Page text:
1. Tartar


DISCLAIMER: The information provided herein is in relation to a role playing game based on a fictional book series. None of the information provided herein should be used to treat yourself or your pets. Please consult someone trained in first aid, Human Medicine, Veterinary Medicine, or another appropriate professional before attempting to treat a living creature.

Tartar is a yellowish, hard, filmy deposit that builds up on teeth when food particles are not properly cleaned from the teeth after eating. It is increasingly common as a cat ages.


As tartar will accumulate as long as a cat eats, it can prove almost impossible to eliminate altogether. However, there are ways to reduce the amount of tartar on teeth, as described below.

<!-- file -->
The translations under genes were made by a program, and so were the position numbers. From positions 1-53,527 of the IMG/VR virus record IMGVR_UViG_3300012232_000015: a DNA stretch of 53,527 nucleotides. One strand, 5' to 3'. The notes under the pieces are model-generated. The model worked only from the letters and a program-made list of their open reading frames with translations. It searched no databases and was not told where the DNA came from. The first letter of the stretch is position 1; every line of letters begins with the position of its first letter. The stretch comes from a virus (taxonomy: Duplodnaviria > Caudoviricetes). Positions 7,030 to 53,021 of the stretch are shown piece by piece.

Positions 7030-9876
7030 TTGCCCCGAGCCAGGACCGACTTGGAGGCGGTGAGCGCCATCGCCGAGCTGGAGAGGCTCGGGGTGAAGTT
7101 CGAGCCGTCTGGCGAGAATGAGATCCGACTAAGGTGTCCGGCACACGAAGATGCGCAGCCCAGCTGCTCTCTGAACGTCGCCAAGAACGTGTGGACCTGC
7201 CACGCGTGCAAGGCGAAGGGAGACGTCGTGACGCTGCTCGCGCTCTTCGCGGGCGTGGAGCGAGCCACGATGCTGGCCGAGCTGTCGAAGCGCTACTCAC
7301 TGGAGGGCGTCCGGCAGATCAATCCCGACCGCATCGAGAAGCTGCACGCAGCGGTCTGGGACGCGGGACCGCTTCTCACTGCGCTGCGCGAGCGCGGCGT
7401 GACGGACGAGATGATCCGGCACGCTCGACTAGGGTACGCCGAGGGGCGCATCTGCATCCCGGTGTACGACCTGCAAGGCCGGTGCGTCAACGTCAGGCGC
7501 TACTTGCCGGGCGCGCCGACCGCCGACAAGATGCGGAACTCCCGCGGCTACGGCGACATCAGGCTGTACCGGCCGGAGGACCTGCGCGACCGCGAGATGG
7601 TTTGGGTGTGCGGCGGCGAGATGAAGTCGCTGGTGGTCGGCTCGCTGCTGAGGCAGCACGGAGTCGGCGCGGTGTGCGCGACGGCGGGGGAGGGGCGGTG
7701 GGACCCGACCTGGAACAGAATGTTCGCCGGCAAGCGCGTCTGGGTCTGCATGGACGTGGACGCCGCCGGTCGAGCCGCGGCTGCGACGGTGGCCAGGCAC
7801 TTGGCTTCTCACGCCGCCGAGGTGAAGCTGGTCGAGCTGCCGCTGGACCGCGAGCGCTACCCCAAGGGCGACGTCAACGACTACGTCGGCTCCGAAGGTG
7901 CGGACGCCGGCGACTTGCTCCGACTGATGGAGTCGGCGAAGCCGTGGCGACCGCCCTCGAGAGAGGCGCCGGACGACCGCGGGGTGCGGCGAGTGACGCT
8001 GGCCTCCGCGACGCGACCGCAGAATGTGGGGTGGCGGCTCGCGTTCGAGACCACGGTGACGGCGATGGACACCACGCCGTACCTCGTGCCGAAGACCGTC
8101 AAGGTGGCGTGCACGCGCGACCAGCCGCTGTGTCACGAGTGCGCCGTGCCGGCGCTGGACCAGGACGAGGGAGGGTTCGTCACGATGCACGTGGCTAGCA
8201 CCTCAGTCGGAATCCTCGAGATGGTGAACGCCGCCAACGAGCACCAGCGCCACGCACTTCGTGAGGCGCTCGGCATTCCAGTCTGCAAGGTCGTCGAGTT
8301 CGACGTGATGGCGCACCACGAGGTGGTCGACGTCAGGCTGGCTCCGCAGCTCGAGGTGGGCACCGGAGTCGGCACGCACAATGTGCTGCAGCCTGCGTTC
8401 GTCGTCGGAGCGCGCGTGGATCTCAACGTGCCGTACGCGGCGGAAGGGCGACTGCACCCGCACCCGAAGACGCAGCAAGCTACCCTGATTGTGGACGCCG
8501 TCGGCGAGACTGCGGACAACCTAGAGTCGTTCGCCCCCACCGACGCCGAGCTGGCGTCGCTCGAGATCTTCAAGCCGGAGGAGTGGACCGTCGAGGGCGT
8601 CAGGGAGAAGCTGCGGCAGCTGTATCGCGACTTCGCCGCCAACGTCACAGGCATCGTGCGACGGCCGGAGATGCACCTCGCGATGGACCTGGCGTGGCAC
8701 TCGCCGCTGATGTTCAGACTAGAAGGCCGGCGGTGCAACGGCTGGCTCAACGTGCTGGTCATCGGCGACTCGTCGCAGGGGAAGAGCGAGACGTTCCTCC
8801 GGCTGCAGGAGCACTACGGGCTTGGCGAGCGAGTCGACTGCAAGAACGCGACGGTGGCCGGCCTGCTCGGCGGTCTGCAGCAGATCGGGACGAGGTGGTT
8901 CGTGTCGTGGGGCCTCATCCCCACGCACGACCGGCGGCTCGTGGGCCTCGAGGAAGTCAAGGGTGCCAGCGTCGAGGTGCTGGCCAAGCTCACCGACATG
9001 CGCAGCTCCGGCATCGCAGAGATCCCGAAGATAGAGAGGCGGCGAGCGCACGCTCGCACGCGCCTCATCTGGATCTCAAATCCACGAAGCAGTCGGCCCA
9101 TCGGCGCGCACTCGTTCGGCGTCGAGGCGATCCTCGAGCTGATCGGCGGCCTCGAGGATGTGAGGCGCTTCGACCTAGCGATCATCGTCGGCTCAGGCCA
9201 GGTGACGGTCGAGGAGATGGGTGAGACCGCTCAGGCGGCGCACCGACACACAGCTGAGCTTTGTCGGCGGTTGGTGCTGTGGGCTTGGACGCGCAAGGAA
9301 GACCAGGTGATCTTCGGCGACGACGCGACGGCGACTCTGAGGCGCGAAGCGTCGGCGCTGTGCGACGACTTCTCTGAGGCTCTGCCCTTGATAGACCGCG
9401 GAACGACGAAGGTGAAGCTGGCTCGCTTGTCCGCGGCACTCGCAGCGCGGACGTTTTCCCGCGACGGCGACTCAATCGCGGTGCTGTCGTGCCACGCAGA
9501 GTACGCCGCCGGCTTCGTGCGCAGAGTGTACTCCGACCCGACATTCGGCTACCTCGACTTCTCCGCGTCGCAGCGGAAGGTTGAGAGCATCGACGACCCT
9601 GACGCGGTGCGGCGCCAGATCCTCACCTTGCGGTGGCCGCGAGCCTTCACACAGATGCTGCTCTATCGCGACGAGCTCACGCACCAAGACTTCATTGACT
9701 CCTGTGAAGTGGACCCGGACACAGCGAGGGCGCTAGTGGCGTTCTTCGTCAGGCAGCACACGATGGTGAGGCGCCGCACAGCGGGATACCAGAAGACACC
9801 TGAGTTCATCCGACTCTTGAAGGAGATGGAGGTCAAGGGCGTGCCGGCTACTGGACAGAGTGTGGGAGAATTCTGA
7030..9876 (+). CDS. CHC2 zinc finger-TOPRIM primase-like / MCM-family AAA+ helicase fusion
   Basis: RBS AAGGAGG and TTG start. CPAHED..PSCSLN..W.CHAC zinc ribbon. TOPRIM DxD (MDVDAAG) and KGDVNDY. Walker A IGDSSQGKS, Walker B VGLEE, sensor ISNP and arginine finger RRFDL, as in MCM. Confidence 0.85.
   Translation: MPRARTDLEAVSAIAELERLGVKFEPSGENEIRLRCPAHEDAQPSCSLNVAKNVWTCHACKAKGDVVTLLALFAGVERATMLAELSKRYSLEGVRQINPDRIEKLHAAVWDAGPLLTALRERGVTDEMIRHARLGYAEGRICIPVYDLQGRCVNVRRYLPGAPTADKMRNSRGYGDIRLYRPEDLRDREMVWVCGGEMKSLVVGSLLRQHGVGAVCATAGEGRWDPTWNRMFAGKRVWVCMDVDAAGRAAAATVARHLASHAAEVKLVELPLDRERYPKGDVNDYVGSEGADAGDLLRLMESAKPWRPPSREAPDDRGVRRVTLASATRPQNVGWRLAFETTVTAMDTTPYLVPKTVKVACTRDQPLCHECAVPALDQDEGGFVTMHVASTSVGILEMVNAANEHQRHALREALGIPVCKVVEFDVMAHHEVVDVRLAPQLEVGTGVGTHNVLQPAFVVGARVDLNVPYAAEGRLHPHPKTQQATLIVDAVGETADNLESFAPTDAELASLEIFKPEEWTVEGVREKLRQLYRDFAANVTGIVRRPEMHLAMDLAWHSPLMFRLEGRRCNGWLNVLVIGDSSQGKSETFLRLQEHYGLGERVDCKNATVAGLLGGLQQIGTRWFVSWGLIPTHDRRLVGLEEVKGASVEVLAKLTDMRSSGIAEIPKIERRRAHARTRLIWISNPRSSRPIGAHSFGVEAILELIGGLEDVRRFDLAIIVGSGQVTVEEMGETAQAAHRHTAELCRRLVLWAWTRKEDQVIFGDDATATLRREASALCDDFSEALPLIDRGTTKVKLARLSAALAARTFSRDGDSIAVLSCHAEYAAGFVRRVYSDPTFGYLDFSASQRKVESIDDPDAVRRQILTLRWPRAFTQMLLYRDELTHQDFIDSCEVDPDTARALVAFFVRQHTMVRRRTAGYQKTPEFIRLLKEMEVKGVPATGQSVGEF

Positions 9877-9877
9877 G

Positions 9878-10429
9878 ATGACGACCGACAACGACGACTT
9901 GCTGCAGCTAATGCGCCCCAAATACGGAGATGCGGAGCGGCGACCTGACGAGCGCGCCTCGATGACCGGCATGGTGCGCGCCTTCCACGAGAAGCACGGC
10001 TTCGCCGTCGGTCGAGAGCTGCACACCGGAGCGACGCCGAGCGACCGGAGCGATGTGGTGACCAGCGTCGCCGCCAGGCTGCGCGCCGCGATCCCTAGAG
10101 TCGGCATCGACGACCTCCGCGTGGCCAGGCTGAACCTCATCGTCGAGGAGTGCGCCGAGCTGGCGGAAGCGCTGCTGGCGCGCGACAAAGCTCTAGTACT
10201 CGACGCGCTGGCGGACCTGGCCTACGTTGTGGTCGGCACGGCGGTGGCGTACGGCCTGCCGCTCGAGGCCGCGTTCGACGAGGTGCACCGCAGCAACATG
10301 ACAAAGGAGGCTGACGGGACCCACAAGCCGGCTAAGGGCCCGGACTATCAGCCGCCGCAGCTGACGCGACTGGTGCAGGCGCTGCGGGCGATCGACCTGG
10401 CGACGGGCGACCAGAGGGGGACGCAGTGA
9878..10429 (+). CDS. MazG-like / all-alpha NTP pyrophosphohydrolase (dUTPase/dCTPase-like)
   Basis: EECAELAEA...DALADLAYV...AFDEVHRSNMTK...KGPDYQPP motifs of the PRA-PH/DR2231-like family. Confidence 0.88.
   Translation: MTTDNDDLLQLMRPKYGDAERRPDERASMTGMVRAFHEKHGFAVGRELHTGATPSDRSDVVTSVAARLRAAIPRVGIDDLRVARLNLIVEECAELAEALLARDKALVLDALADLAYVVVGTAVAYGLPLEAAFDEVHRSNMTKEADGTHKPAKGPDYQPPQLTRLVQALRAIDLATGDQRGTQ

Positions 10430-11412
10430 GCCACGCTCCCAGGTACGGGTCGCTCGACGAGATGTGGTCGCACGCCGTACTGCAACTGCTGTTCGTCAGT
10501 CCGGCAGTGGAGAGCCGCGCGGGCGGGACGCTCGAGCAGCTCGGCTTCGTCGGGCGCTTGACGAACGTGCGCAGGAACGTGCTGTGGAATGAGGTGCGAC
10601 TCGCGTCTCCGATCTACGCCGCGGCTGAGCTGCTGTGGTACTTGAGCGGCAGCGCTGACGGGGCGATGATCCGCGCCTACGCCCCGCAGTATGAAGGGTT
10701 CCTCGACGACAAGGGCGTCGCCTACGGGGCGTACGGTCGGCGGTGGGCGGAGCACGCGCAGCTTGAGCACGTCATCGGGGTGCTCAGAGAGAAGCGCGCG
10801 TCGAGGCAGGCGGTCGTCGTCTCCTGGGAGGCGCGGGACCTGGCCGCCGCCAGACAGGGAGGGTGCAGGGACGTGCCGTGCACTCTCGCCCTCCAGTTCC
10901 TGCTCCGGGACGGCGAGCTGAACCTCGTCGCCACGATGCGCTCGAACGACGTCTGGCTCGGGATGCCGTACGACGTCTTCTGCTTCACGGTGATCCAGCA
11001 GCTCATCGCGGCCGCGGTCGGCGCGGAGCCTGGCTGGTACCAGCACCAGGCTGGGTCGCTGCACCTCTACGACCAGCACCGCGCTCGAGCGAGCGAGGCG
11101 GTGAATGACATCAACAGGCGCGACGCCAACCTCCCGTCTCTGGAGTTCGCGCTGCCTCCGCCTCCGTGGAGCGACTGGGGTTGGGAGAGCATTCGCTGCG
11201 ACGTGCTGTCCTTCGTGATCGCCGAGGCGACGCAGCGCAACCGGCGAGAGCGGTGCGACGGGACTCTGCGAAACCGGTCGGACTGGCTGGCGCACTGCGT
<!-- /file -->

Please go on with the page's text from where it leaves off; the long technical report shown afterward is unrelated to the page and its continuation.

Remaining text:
The patient should drink much water, as this will help flush out the teeth and gums, while the consumption of sweet food, such as honey, should be avoided. A small, clean twig that has been clawed free of bark may be held in the medicine cat’s mouth and used to carefully pick away at the tartar on the patient’s teeth. The medicine cat should stay clear of sensitive areas such as the gums, insides of the cheeks, or tongue. The patient can also chew the leaves of raspberry plants, thyme, rosemary, coriander, and/or sage, as well as the skin and flesh of apples. The flow of the patient’s saliva should be stimulated as much and as often as possible, as saliva also aids in cleaning the teeth and gums.

Related Herbs: Parsley, Raspberry, Thyme,
Related Complaints: